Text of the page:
Skip to main content

Struggling to Reset

It has been three days since I attended an academic conference. I only attended one of the two days, knowing I was not doing well physically.

I'm still "shaky" -- the best adjective I can conjure at the moment. It is like my senses are turned up a notch even more than usual. My assumption is that when I am tired I cannot block the input. The refrigerator, the ceiling fan, even the buzzing of lights are distracting me. I was listening to music to block out everything else.

Today was going to be a day out of the house, to sit and write at a bookstore. Instead, I'm too tense to drive. Every pothole would be annoying, not to mention the struggle I have driving in our neighborhood anyway. The bookstore, with the people and associated input, would have been miserable.

I hate being tense like this. Three days of wanting to hide under covers and avoid the world.

Tomorrow I have to teach and Wednesday I'm heading to an audio store to replace my Jeep's radio and two speakers. I'll be tired, afterwards, but I do want to get the radio repaired. I notice static and problems with the speakers too much.

Sitting and listening to classical music helps. Sitting with the cats is good, too. The key is to realize I can't fight the sensitivity, but I can try to let fade.

The worst thing to do is to ponder upcoming conferences… which I would rather avoid, but are essential to my career if I remain in academia.

Back to caffeine-free chamomile tea and the cats.

Comments

  1. I like Tension Tamer Tea--it works better than chamomile for me personally.

    Do you schedule days like this for yourself between conferences? Sometimes it's just not feasible, but if you can, it might be worth it. And if you already do, then you are a wise person. It always takes me several times before I realize my limits.

    ReplyDelete
  2. My wife anticipates my crashes before I do. I'm always overly optimistic that I will adapt better with each conference or event.

    ReplyDelete

Post a Comment

Comments violating the policies of this blog will not be approved for posting. Language and content should be appropriate for all readers and maintain a polite tone. Thank you.

Popular posts from this blog

Autism, Asperger's, and IQ

"Aren't people with Asperger's more likely to be geniuses? Isn't genius related to autism?"

A university student asked this in a course I am teaching. The class discussion was covering neurological differences, free will, and the nature versus nurture debate. The textbook for the course includes sidebars on the brain and behavior throughout chapters on ethics and morality. This student was asking a question reflecting media portrayals of autism spectrum disorders, social skills difficulties, and genius.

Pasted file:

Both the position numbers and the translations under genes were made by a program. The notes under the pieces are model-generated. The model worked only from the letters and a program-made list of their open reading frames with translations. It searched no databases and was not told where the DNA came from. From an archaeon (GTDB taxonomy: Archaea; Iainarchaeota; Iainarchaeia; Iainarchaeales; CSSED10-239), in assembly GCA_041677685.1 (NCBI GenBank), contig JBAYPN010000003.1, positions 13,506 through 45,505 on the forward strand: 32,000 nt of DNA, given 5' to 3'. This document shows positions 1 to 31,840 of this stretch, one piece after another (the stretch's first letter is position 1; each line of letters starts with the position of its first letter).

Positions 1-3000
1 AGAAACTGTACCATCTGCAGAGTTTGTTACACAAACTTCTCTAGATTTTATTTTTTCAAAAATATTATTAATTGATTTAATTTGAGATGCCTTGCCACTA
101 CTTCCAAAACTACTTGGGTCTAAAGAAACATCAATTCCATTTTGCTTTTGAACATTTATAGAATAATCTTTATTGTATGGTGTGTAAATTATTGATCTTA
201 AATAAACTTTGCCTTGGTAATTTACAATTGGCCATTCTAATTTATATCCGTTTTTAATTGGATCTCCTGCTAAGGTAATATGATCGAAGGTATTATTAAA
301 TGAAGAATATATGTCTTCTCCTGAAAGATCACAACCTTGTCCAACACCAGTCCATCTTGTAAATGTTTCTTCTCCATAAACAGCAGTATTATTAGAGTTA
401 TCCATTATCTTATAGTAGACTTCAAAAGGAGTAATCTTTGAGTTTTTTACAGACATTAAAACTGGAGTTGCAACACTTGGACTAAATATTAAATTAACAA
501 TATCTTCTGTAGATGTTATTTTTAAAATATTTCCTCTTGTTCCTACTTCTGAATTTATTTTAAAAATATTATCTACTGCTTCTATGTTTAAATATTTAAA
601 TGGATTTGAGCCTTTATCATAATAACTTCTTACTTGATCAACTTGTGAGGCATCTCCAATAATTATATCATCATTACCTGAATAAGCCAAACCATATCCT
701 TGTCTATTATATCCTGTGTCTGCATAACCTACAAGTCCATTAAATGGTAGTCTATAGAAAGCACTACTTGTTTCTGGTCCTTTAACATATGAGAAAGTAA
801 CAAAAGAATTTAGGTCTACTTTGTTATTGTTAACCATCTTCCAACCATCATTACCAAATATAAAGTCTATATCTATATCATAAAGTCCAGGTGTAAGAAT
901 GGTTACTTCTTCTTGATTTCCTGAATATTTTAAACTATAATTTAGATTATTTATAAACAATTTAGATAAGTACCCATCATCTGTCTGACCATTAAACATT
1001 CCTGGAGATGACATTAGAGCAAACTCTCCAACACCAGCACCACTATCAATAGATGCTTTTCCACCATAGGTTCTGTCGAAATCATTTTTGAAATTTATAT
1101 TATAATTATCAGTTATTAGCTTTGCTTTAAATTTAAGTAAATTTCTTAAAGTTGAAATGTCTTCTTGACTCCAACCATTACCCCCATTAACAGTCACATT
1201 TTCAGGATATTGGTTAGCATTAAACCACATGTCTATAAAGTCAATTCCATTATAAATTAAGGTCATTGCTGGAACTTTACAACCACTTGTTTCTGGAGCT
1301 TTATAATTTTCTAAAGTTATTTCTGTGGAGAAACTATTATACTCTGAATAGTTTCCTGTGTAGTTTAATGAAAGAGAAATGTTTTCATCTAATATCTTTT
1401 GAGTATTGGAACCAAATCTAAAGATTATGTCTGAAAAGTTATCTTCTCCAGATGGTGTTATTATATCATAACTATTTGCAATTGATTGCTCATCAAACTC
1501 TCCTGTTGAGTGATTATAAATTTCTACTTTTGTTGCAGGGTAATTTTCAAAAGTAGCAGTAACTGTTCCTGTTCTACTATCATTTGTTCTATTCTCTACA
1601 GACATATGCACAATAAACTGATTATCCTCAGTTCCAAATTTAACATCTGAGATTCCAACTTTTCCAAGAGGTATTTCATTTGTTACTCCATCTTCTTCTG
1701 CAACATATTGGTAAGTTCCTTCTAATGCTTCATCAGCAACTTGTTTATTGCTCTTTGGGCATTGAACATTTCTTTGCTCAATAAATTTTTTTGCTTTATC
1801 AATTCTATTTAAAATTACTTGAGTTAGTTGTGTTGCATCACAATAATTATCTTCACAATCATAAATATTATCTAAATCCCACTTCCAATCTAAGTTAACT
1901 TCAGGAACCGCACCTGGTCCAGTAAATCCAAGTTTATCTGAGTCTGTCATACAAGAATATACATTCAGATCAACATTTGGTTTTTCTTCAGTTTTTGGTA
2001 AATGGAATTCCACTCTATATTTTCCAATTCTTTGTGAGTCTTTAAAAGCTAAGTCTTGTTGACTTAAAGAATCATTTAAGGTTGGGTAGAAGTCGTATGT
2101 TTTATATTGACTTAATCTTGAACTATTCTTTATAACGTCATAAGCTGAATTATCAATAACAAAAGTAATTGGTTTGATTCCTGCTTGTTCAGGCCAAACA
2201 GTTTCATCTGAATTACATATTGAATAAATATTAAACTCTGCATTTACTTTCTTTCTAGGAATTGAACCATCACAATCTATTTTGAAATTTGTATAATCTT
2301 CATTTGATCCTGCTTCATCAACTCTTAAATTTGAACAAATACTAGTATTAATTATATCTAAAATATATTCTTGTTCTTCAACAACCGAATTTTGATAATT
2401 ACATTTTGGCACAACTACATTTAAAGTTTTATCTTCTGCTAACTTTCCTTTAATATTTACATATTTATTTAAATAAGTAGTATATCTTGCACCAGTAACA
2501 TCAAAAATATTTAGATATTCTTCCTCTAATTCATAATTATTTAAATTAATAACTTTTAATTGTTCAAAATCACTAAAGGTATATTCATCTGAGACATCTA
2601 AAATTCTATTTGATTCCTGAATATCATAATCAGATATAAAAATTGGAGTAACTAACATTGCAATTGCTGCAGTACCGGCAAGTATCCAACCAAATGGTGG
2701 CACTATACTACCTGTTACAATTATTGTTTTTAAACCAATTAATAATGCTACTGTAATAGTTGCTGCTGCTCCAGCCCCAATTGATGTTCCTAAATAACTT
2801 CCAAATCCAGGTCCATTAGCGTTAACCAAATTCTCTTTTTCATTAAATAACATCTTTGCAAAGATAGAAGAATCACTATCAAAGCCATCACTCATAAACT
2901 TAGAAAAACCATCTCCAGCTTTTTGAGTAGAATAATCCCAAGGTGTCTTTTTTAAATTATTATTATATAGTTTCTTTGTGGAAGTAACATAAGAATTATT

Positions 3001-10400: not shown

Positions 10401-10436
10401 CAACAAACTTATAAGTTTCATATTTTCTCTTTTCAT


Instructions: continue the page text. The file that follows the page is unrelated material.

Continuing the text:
I did not address this question from a personal perspective in class, but I have when speaking to groups of parents, educators, and caregivers. Some of the reasons these questions arise, as mentioned above, are media portrayals and news coverage of autism. Examples include:
Television shows with gifted characters either identified with or assumed to have autistic traits: Alphas, Big Bang Theory, Bones, Rizzoli and Isles, Touch, and others. Some would include She…

Listen… and Help Others Hear

We lack diversity in the autism community.

Think about what you see, online and in the media. I see upper-middle class parents, able to afford iPads and tutors and official diagnoses. I see parents who have the resources to fight for IEPs and physical accommodations.

I see self-advocacy leadership that has been fortunate (and hard working, certainly) to attend universities, travel the nation (or even internationally), and have forums that reach thousands.

What I don't see? Most of our actual community. The real community that represents autism's downsides. The marginalized communities, ignored and excluded from our boards, our commissions, our business networks.

How did my lower-income parents, without college educations, give me a chance to be more? How did they fight the odds? They did, and now I am in a position of privilege. But I don't seem to be making much of a difference.

Demand that your charities seek out the broadest possible array of advisers and board members.…

Life Updates: The MFA Sprint

Life is okay, if more than a little hectic at the end of this first month.

With one month down, I'm 11 months away from my MFA in Film and Digital Technology. Though things might happen and things do go wrong, so far I'm on schedule and things are going well —— though I'm exhausted and working harder than I did for any other degree. Because the MFA requires projects every week, this isn't as easy to schedule as writing. Even researching a paper can be done from the comfort of home, at any hour.

You cannot make movies by yourself, at any time of day. It doesn't work that way. Filming takes time, and often requires a team of people. It's not comparable to working alone on a degree in writing or rhetoric.

The team-based nature of film is exhausting for me, but I enjoy the results. I also like the practical nature of the skills being taught. You either learn how to adjust ISO, f/Stop, shutter speed, and other variables or you don't. You can have theories …